Senate leadership fight full of intrigue, complications
BOSTON (AP) — Amid new twists and turns in the wide open race to be the next leader of the Massachusetts Senate, lawmakers are struggling to stay focused on major legislation pending in the current session.
Democratic Sen. John Keenan, of Quincy, is the latest member to signal his interest in becoming Senate president, one of the three most powerful positions on Beacon Hill along with governor and speaker of the House.
While the next president won’t be chosen until January, hopefuls must typically begin lining up support from their colleagues months in advance. Such internal jockeying can distract from other important business at hand.
There’s even a chance Republicans, though heavily outnumbered by Democrats in the chamber, could wind up a spoiler in the leadership fight.
HOW DID WE GET HERE?
Democratic Sen. Stan Rosenberg, of Amherst, stepped aside as president in December as the Senate Ethics Committee launched a probe into whether he violated any Senate rules in connection with allegations — first reported by The Boston Globe — that Rosenberg’s husband had sexually harassed or abused several men, some of whom had business before the Legislature.
Then-Majority Leader Harriette Chandler, of Worcester, was initially named acting Senate president for the duration of the probe. The Senate later dropped “acting” from the title and agreed that Chandler would remain president with full powers through the remainder of the current session. She’s made clear she will not serve in the post beyond 2018.
WHO’S IN THE MIX?
Anyone serving in the Senate can run for president, regardless of seniority.
Keenan, considered a moderate, is among several Democrats in the mix, and others could still jump in.
Senate Ways and Means Committee chairwoman Karen Spilka, of Ashland, was among the first to signal interest. Spilka’s clout is significant as her panel is responsible for drawing up the Senate version of the state’s $40 billion budget.
Other contenders include Sen. Sal DiDomenico, of Everett, whom Chandler recently named assistant majority leader; Sen. Eric Lesser, of Longmeadow, who at age 32 would represent a generational change; and veteran Sen. Eileen Donoghue, though she is also reportedly in contention to be Lowell’s next city manager.
Sen. Mark Montigny, of New Bedford, has considered throwing his hat in the ring.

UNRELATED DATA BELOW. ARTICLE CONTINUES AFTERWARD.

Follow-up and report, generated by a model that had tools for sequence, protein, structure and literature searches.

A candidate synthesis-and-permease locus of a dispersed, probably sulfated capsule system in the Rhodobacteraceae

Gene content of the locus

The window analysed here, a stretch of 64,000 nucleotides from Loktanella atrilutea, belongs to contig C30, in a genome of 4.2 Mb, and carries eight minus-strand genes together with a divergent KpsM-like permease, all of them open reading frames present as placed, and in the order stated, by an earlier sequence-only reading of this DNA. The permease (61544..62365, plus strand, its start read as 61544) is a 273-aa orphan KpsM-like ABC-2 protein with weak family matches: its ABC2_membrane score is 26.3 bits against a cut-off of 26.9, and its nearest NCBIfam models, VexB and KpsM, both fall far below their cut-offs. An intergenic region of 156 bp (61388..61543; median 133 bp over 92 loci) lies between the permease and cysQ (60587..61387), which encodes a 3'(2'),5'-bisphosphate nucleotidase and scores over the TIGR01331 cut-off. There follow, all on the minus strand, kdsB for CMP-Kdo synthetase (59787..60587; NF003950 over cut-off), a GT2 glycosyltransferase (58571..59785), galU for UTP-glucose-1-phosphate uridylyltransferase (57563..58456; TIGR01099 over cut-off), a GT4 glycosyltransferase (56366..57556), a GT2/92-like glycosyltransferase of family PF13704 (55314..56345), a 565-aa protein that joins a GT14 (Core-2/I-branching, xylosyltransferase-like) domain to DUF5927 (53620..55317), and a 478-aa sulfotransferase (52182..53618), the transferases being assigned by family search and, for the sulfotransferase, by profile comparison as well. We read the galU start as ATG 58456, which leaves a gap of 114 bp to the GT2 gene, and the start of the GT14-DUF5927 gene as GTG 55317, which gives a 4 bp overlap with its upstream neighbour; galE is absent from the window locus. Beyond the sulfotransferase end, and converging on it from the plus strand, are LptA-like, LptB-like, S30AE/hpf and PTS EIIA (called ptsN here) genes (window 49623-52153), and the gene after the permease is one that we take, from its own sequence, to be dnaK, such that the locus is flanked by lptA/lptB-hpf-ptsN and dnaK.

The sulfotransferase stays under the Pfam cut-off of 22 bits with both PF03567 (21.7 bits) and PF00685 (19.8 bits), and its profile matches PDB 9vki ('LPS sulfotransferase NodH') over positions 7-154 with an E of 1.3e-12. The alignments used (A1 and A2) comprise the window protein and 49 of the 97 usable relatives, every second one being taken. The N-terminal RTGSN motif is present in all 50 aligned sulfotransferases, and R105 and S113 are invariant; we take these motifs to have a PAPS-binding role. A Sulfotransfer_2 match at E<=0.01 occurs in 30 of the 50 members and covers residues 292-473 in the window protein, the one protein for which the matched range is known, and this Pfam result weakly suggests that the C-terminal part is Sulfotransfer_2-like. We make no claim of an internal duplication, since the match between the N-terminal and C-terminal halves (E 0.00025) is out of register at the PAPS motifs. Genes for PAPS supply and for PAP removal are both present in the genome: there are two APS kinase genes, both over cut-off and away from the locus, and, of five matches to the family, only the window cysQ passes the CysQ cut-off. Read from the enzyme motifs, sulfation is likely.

WHAT ABOUT ROSENBERG?
He remains in the Senate, intends to run for re-election in November and has not — publicly at least — ruled out trying to reclaim the presidency.
Rosenberg has separated from his husband, which could ease any fears among colleagues of Bryon Hefner being a distraction in the future.
Still, a return to the president’s office by Rosenberg under any set of circumstances seems a longshot, at best.
Republicans hold only seven seats in the 40-member Senate, a number unlikely to change much in the fall election.
By tradition, the GOP caucus usually votes for its own leader in the election of a president. Minority Leader Bruce Tarr, of Gloucester, has said he expects his name to be placed in nomination. But what if Republicans chose a Democrat to throw their support behind, adding some potentially crucial votes in a close race?
Such a scenario is not unprecedented on Beacon Hill. In 1996, support among House Republicans helped tip the scales for Democrat Tom Finneran in his hard-fought race for speaker against then-House Majority Leader Richard Voke.
The uncertainty over future leadership only adds to a chamber already undergoing major changes. Four veteran Democrats — Linda Dorcena Forry, Thomas McGee, James Timilty and Jennifer Flanagan — have left the Senate for other political or professional pursuits during the 2017-2018 term. Another Democrat, Kenneth Donnelly, died of cancer last year.
Senators privately worry this lack of stability places them at a disadvantage in legislative negotiations with the House, where Democrat Robert DeLeo has held sway as speaker for nearly a decade. Such concerns could intensify efforts to unite around a single candidate for Senate president, avoiding an otherwise fractious fight.